Out with you

Among my favourite potsherds from the ancient world are the ostraka of the Athenians. Although the surface may be inscribed only with one name, and that long forgotten, there is something exhilarating about them. Once, I held one in my hand.

Shards of earthenware, flakes of limestone, and other materials with messages written on them are a commonplace of archaeological sites throughout the Near East — from the age when papyrus was available, but too expensive for use as scrap paper. For which reason, we get a higher class of messaging from the deep past on that papyrus: things meant to be permanent.

On the ostraka we might get instead a simple prayer or invocation; an adage; a snippet from the lyrics of a song; a shopping list; a medical prescription; a curse or blessing, or magical spell; a desperate appeal for money; or a rude little caricature, very portable and perhaps intended to find its way to its subject. A hundred and one household uses. Such short notes improve in value after centuries of aging, and what they show, along with much else, is that the deadly sins practised today have always been popular.

There are papyrus fragments, too, marvellously preserved in the dry Egyptian sands. I have books up here in the High Doganate, transcribed from the better bits and pieces that floated up, including fragments of classical poetry and very high-class prose. An elitist myself, I am prone to collect such documentation of a time long ago and far, far away; and to weep for what was lost from the once grand private and public libraries. But this is not what I am thinking of, at this moment. For all the originals may be consulted in Heaven; and really it is just a question of getting there.

Still there is the thrill of holding an ostrakon in one’s hand, from old Athens that was full of sin, but also of a few brilliant ideas. For a moment, time out of mind, one queues in the Agora, to hand one’s fragmentary transient write-in ballot over to the counters.

For these were the ballots from the old Athenian democracy — that went the way our “representative” imitations of it are now going — but was in its own time small and personal, like something from a valley in the Swiss Alps.

Voting, prior to post-modernity, was always and everywhere restricted to a relatively small, aristocratic or at least upper-middle class of propertied free males, and thus carried the possibility its members would know each other; sometimes, know each other too well. In retrospect it seems a better idea than great masses of the lower classes, lacking charm or style, forming “yuge” voting blocks like virtual mobs, and ever threatening to descend into real ones. But everything — absolutely everything including the best-governed states — winds up on the trash heap of history. And who is to say there will always be archaeologists?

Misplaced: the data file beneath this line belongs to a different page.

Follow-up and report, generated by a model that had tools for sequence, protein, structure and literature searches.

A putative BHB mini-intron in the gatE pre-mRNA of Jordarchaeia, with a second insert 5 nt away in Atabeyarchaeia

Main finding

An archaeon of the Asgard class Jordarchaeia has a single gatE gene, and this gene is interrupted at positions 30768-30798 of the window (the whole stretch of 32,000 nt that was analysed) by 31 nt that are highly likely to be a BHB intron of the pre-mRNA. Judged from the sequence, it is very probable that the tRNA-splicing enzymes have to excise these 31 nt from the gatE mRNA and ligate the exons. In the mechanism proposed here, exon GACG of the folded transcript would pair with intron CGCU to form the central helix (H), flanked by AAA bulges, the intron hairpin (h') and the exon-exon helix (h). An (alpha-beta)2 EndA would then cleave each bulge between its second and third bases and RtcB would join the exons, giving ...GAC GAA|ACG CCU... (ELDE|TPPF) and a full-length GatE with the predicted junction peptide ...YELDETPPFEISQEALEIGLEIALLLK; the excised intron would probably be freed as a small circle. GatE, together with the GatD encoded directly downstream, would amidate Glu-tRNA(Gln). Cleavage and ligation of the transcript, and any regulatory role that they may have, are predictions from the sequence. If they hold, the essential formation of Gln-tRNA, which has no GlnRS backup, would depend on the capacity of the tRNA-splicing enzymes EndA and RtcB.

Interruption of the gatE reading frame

No, the potsherds that amuse me most carry the names of candidates for Ostracism. From time to time the “elite” of Athenians would pick someone to be exiled for a decade or so. Not hanged, not drawn, not quartered — not even merely blinded in the more humane Byzantine manner — but only invited to live abroad for a while. It was an honourable fate, by our modern standards. It showed people could at least spell your name; and that you had achieved your fifteen minutes of infamy in the public mind. Of course there was the death penalty, if the winner tried to return before his time was up. Meanwhile, he had ten days to get out of town.

It was about this time of year, in the old Athenian Assembly. Full citizens would vote on whether to hold another Ostracism. If they did, it was probable that they already had at least one promising candidate. Plutarch tells us a quorum of six thousand was required, to vote for having this vote; and another minimum of votes to win if it was held, a couple of months later. It was a way to send someone like “The Donald” on his way.

He could keep his hotels and office blocks, and get them back on his return; or whatever else he happened to own before departure. It was thus not an opportunity for envious, punitive taxation. But God be praised, there might be one less potential tyrant, or bogeyman to deal with, in the interval of his absence, after he had been sent off “to make Athens great again” — in Phrygia, or wherever. Meanwhile, his irritating supporters would have time to cool their heads; and his opponents would be spared the inconvenience and risk of arranging an assassination.

Not a bad idea at all, at all; but like so many other fairly good ideas, it would not work in an “advanced modern democracy.” For in no time, with the help of computers, we’d be holding instant Ostracisms every day. And this would only lead to fresh refugee crises.